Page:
5. Who’s Afraid Of Virginia Woolf? (1966)
Oscar-winning performances: Elizabeth Taylor – Best Actress, Sandy Dennis – Best Supporting Actress
There are well-acted movies and then there is Mike Nichols’ “Who’s Afraid Of Virginia Woolf?”, a film that redefined screen acting and whose entire cast of four earned Academy Award nominations for their performances, with Elizabeth Taylor and Sandy Dennis winning Best Actress, respectively Best Supporting Actress.
Starting as a living room dramedy, the film follows some tumultuous hours in the lives of two couples of different ages who have a boozy Saturday night and start prying into each other’s marriages, uncovering lies and secrets, pushing each other’s buttons and, in the end, abandoning the false illusions that pervaded every aspect of their lives.
“Who’s Afraid Of Virginia Woolf?” is a timeless masterpiece, a classic that has aged like fine wine and, 54 years after its release remains a gripping, overly-entertaining and unbelievably modern film. Ernest Lehman’s screenplay adaptation of Edward Albee’s play is as sharp as ever, the performances from its entire cast, especially Elizabeth Taylor and Richard Burton as the middle-aged George and Martha, are breathtaking, Haskell Wexler’s black and white cinematography is stunning (he later worked with Terrence Malick for “Days Of Heaven”) and Mike Nichols’ stylish direction is flawless, even more considering this was his debut film.
4. The Silence Of The Lambs (1991)
Oscar-winning performances: Anthony Hopkins – Best Actor, Jodie Foster – Best Actress
Nearly thirty years after its release in theaters, Jonathan Demme’s famous adaptation of Thomas Harris’ 1988 novel of the same name remains one of the most thrilling films ever made.
Back in 1991, the film proved to be a real success at the 64th Academy Awards, where it was nominated in seven categories and won five awards, also becoming the first horror film (and the only one to this day) to win Best Picture.
However, the most memorable thing about “The Silence Of The Lambs” remains the phenomenal performances from its cast. Anthony Hopkins, who gave an unnerving performance as the cannibalistic serial killer Hannibal Lecter, went home with the Best Actor award, while Jodie Foster won Best Actress for her authentic performance as Clarice Starling, the young FBI trainee who is tasked with interviewing Lecter.
3. One Flew Over The Cuckoo’s Nest (1975)
Oscar-winning performances: Jack Nicholson – Best Actor, Louise Fletcher – Best Actress
One of the three movies to win all five major Academy Awards, Miloš Forman’s famous adaptation of Ken Kesey’s 1962 controversial novel features one of Jack Nicholson’s most memorable performances as R.P. McMurphy, a recidivist criminal who acts crazy in order to be admitted inside a mental institution but ends up giving rise to a rebellion against Mildred Ratched (Louise Fletcher), the tyrannic head nurse of the ward.
Brilliantly directed by Forman, with a masterfully adapted screenplay, and powerful performances from its entire cast, “One Flew Over The Cuckoo’s Nest” is an outstanding tale about man versus establishment, freedom against oppression, stigmatization of mental illness, and the importance of individuality that, nearly half a century after its release, remains as poignant and relevant as it was back in 1975.
2. A Streetcar Named Desire (1951)
Oscar-winning performances: Vivien Leigh – Best Actress, Karl Malden – Best Supporting Actor, Kim Hunter – Best Supporting Actress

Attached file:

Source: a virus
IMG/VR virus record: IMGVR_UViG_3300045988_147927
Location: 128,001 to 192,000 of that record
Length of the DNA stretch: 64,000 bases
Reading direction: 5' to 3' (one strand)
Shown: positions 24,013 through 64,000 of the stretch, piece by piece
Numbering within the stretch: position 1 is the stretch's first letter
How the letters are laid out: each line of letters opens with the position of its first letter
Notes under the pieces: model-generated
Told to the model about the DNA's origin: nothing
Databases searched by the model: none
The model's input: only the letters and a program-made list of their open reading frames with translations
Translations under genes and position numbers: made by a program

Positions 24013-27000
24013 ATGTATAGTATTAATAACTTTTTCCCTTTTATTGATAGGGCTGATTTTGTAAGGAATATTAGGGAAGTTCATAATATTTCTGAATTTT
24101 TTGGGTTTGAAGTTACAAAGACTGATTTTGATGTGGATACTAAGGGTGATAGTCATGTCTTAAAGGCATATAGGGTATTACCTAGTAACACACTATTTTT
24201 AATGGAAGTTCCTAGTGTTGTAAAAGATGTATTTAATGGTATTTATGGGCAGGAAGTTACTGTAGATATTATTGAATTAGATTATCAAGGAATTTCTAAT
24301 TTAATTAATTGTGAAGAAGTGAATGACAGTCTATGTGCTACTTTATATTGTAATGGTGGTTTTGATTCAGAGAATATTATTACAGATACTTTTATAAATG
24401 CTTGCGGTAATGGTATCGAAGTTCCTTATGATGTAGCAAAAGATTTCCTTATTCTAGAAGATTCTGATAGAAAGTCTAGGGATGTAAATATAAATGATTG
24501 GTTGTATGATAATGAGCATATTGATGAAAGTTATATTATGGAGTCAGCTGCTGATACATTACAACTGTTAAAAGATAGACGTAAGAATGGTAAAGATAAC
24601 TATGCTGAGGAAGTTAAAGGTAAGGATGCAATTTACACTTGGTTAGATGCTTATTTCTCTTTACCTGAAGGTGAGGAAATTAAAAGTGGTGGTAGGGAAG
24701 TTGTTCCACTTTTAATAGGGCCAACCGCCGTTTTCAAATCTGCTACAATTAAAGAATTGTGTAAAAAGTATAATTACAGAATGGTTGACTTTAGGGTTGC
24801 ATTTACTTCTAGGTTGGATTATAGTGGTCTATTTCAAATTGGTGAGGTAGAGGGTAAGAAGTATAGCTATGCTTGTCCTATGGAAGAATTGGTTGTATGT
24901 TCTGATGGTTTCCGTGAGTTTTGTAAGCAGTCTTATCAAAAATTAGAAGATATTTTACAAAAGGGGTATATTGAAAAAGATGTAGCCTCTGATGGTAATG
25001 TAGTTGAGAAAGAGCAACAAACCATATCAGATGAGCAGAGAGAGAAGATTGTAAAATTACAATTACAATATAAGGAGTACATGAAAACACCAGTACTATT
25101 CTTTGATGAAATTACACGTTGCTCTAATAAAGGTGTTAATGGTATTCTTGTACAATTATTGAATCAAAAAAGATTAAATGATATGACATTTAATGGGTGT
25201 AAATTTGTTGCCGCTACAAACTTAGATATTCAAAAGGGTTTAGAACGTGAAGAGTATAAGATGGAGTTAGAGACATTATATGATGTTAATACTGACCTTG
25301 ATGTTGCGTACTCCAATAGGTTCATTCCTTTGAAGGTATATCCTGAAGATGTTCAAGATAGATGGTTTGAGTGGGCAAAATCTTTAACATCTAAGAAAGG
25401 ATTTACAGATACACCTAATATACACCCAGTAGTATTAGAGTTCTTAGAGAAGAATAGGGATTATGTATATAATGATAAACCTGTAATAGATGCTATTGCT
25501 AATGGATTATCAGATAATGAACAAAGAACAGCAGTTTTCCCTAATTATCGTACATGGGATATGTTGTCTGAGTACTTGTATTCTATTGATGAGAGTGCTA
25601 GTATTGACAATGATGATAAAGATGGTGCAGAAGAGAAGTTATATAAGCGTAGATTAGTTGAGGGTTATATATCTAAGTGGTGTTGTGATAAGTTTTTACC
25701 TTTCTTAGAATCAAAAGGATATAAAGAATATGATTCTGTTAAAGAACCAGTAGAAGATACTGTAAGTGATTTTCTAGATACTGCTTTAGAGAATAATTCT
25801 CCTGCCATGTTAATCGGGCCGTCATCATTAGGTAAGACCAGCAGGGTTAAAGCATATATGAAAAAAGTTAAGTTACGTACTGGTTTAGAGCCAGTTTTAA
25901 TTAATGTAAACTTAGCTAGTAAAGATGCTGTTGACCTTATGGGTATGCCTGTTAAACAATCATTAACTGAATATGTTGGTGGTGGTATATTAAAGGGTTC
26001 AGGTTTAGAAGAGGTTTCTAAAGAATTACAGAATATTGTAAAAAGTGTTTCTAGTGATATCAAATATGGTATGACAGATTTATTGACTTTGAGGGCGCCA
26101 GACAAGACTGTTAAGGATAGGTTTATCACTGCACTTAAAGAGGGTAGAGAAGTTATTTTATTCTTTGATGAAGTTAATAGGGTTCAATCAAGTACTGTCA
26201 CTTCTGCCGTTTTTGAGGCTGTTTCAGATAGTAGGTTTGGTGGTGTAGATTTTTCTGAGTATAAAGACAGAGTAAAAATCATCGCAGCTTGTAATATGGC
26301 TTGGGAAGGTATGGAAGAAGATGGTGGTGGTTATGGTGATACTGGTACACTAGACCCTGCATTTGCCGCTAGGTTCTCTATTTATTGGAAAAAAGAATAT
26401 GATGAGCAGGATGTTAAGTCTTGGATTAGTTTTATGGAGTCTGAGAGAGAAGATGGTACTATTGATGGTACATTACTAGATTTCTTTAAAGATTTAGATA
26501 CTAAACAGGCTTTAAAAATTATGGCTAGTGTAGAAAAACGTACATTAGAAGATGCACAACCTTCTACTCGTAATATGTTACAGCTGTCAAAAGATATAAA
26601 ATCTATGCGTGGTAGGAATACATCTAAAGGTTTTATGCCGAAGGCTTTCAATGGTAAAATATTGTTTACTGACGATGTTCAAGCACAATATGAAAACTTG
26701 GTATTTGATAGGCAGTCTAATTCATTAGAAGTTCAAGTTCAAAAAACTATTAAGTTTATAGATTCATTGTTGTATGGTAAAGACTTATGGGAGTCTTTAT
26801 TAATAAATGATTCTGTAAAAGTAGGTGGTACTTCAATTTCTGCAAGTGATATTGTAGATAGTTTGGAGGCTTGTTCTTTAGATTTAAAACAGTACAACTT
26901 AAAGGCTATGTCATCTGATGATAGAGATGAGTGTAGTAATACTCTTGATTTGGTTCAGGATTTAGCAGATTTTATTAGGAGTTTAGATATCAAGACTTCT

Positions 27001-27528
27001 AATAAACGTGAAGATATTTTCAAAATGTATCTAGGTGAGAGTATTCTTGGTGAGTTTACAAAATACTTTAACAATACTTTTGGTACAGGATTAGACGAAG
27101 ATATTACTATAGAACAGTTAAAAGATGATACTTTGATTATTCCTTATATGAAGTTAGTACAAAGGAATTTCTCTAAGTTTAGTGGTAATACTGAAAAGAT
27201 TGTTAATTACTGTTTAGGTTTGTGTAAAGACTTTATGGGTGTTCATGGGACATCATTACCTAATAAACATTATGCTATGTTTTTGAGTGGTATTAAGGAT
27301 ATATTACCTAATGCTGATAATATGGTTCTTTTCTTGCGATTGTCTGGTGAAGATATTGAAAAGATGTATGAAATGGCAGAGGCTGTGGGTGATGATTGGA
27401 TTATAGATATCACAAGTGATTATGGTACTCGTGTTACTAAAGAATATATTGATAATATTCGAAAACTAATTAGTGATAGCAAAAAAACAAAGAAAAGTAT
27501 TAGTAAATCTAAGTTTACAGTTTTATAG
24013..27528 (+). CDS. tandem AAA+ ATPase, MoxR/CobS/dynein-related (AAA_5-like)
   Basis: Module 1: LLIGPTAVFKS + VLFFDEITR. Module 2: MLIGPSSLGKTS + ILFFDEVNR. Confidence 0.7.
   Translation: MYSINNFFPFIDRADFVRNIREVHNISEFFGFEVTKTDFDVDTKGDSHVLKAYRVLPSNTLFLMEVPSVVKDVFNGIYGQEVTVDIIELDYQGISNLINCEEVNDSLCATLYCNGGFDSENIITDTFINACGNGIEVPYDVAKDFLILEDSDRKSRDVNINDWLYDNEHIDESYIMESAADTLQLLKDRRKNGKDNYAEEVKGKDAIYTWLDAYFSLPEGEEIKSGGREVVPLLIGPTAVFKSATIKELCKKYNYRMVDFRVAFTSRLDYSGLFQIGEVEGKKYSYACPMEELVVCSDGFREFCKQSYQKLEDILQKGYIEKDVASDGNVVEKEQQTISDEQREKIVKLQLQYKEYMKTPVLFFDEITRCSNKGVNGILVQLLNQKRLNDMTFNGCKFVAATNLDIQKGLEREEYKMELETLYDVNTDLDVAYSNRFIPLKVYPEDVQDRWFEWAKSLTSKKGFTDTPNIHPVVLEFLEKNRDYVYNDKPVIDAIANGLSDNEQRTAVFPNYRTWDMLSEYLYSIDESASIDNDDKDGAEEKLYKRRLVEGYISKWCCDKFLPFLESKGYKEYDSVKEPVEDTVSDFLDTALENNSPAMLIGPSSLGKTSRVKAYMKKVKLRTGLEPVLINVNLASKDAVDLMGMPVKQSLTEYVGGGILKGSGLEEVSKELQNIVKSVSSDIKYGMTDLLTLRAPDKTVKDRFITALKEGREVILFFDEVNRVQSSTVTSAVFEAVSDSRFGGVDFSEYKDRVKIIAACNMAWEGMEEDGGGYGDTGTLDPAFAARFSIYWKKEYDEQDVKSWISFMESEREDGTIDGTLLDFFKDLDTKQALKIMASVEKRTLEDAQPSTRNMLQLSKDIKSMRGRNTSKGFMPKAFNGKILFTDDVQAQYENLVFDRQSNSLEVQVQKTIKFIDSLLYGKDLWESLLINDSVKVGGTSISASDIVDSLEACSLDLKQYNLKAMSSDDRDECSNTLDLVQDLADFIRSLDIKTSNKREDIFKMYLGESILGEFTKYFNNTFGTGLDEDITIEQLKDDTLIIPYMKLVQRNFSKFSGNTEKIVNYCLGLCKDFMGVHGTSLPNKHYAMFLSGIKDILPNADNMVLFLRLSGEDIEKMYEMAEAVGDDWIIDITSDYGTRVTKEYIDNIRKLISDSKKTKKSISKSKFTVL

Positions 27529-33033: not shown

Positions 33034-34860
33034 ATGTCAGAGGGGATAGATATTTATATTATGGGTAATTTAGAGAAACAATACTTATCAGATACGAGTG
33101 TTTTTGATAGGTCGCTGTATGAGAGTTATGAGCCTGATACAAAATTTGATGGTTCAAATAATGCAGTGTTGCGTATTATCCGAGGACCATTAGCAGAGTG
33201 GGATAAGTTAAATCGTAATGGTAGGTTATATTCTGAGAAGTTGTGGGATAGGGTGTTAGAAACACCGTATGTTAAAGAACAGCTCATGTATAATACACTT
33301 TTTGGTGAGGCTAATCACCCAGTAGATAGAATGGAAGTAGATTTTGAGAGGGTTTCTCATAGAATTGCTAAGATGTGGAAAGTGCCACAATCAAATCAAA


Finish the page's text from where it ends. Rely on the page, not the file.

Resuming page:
It’s strange how the Academy awarded every performance in Elia Kazan’s “A Streetcar Named Desire”, with the exception of Marlon Brando, who, despite being nominated, lost to Humphrey Bogart’s performance in “The African Queen”. Seen today, Marlon Brando’s performance comes across as the most natural between his fellow actors and every scene where the Hollywood legend appears on screen is attention-grabbing.
Based on Tennessee Williams’ 1947 play of the same name, the film follows Blanche DuBois (Vivien Leigh), a disturbed southern belle who, after losing her Mississippi family home to creditors, gives up her job as a high school teacher and moves in New Orleans with her sister Stella (Kim Hunter) and her brother-in-law Stanley (Marlon Brando). Unfortunately, Stanley’s coarse behavior makes it impossible for Blanche to escape the demons of her past.
With brilliant performances, intimate and atmospheric cinematography, and a very well adapted script, “A Streetcar Named Desire” remains one of the most iconic films of Hollywood’s Golden Age.
1. Network (1976)
Oscar-winning performances: Peter Finch – Best Actor, Faye Dunaway – Best Actress, Beatrice Straight – Best Supporting Actress
Sidney Lumet’s seminal film changed the way we perceive television and, to this day, more than 40 years after its release, remains a relevant satire of the way news and media work.
The film stars Peter Finch as Howard Beale, the longtime news anchor of the fictional UBS Evening News who learns that he is about to be fired due to his declining ratings. But when the day comes for him to announce his upcoming retirement, Finch’s character makes an unexpected declaration: he says that he will commit suicide on the next Tuesday’s broadcast. Unsurprisingly, audiences are bewildered, ratings spike and the news show is again on track. But things don’t stop here, as Beale develops an angry, anti-establishment, prophet-like persona, and, with the help of programming department head Diana Christensen (Faye Dunaway), his show turns into a televised madness.
“Network” isn’t as outrageous as it might have seemed back in 1976, yet Sidney Lumet’s flawless direction, Paddy Chayefsky’s smart and ahead of its time script, and a great cast led by Peter Finch’s utterly entertaining performance make this movie a must-see for every film lover.